Tag: Early Words
The exploration of new words using pictures and sounds adds to a broader understanding of a word’s meaning. This also helps to reduce misconceptions.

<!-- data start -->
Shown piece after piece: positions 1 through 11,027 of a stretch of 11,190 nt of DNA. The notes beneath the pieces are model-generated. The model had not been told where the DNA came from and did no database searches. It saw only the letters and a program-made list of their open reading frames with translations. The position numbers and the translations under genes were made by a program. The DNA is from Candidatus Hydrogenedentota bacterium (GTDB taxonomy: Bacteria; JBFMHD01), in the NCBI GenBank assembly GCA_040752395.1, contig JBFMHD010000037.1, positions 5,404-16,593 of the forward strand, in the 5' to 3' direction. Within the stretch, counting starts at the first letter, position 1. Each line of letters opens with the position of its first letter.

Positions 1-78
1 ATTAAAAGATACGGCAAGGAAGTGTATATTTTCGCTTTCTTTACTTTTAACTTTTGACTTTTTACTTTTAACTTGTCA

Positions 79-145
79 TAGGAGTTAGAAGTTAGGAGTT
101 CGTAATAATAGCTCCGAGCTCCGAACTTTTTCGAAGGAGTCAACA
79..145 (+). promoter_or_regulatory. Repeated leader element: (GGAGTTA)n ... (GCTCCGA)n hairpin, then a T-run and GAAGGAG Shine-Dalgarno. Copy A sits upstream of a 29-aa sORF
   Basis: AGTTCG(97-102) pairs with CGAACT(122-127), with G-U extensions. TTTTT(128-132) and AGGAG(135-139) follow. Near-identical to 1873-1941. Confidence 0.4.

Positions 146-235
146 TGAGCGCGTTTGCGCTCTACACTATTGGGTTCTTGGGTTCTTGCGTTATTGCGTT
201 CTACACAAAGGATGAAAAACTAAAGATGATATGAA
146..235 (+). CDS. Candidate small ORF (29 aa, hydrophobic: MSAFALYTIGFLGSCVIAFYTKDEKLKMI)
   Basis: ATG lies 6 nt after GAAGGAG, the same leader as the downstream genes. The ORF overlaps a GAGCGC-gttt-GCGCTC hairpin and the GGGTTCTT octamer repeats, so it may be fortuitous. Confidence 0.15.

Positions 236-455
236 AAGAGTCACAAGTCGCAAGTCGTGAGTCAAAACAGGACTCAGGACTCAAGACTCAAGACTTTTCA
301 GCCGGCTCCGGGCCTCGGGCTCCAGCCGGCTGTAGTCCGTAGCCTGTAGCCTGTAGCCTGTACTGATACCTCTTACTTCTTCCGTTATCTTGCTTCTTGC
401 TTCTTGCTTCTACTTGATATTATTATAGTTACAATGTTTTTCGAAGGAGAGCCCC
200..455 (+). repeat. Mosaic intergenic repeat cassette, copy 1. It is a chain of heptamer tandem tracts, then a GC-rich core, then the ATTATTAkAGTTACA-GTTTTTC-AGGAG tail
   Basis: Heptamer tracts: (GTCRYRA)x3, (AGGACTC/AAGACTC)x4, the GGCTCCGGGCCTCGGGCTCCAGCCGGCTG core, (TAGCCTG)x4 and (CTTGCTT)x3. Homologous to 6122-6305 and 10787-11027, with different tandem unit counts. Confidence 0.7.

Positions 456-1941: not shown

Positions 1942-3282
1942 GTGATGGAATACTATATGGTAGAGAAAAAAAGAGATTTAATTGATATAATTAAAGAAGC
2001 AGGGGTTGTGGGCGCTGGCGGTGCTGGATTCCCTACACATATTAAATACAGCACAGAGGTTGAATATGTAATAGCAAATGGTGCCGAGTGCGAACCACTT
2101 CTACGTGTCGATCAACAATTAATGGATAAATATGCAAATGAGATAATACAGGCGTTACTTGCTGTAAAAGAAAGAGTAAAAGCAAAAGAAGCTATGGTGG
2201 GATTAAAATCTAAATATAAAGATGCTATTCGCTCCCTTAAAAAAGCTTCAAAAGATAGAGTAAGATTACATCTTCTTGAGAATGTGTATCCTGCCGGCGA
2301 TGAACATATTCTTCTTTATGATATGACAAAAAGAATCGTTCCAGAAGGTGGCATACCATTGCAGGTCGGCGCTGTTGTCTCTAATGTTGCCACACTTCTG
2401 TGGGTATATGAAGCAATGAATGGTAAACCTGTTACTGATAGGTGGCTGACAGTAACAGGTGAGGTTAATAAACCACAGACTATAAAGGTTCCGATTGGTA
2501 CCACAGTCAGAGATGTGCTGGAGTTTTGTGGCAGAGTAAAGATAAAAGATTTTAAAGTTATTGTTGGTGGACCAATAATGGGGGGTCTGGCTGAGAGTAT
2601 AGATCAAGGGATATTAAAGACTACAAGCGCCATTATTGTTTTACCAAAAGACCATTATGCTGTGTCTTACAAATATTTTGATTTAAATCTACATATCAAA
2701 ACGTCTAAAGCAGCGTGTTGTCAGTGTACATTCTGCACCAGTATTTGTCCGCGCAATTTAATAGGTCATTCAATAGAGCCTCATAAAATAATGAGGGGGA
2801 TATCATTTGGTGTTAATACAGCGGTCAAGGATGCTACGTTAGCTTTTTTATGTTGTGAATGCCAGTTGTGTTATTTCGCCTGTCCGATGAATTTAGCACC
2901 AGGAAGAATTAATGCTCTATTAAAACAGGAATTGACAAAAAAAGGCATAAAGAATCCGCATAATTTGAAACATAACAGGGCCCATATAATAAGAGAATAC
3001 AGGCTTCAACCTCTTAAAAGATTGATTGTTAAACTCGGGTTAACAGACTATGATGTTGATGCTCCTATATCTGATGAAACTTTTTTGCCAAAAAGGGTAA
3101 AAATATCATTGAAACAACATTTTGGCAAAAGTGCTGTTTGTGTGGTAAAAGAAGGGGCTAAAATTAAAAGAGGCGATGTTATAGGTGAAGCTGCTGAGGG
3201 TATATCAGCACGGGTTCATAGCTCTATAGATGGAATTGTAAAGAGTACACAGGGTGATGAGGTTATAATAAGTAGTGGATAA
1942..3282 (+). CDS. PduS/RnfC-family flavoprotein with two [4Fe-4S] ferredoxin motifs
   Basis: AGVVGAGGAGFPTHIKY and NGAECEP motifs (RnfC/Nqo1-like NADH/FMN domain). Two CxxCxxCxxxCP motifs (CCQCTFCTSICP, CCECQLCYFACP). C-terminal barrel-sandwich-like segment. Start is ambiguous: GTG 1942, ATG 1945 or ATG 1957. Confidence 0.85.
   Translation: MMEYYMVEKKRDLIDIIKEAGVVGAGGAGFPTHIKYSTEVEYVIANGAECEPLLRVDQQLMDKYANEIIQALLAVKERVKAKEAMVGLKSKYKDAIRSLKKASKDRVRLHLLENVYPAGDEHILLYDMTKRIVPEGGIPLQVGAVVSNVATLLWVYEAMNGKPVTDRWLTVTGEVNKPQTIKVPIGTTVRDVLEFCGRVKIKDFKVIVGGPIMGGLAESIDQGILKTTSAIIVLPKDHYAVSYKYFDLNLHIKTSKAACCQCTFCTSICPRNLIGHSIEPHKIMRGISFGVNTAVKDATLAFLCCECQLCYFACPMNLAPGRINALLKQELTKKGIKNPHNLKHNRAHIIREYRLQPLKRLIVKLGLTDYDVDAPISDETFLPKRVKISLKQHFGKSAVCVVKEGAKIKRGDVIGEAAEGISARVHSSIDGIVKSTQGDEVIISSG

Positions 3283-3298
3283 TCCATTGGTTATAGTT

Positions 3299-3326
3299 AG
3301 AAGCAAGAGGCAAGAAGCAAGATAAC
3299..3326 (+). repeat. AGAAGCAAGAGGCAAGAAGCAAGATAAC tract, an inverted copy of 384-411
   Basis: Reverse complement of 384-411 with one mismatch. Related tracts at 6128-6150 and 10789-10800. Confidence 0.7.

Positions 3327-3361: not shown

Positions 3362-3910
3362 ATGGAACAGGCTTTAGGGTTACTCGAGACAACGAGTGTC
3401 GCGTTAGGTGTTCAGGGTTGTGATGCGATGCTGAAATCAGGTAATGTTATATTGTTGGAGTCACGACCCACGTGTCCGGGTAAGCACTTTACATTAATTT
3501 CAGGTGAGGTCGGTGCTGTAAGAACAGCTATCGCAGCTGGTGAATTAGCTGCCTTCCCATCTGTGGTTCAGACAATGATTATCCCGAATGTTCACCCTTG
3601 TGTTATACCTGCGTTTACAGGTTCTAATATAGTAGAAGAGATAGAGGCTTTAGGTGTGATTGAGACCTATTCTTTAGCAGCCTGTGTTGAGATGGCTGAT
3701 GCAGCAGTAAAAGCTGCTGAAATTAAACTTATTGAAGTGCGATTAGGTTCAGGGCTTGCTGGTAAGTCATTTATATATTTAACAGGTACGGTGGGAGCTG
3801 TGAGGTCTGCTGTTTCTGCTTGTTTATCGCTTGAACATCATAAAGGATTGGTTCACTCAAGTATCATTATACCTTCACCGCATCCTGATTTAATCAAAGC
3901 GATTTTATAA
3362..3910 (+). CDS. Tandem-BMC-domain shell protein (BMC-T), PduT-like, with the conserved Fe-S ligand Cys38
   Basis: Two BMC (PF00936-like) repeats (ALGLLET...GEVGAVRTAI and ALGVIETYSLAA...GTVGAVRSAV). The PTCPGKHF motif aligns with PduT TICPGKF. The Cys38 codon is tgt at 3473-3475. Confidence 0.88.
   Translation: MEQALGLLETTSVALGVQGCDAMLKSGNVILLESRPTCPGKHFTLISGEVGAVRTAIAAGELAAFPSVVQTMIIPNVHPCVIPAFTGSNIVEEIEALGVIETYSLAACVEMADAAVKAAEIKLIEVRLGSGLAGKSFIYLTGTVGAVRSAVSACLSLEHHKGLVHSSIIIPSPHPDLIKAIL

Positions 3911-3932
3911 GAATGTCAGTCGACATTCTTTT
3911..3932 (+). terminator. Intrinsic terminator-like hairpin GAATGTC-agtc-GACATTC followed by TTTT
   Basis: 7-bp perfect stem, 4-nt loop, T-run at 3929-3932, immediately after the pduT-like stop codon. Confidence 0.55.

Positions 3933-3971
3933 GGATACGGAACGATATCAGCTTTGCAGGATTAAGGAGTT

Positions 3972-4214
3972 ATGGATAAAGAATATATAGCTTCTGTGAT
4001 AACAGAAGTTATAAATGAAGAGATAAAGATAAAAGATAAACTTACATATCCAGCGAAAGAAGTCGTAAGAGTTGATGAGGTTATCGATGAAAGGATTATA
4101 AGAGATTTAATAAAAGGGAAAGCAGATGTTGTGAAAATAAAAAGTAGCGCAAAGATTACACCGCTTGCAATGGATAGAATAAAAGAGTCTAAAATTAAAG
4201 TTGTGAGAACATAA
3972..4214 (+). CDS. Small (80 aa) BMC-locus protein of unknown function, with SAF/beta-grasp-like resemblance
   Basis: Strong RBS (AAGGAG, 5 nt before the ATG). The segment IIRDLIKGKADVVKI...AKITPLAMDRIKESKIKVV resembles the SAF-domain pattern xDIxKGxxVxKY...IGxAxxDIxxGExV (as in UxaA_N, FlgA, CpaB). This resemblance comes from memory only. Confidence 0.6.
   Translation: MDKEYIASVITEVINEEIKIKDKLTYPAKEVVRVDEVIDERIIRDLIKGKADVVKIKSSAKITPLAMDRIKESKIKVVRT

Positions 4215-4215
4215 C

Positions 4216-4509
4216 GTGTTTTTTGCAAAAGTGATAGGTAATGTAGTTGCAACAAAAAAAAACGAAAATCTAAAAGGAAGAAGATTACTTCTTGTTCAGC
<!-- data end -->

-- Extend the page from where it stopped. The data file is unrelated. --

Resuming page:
Receptive language—words a child understands but doesn’t yet say—typically precedes language production by several months. At 8 months, a little one begins to understand his or her name along with such common words as “bottle,” “mama,” “dada” and “bye-bye.” “No no” and “all gone” typically are understood at about 11 months. By age 1, a child will understand more than 50 words, and that number will continue to grow dramatically month-to-month, even though that child may barely be talking. Meanwhile, the acquisition of expressive language—words a child understands and says—relates to what a child best knows and is interested in—mom and dad, for example.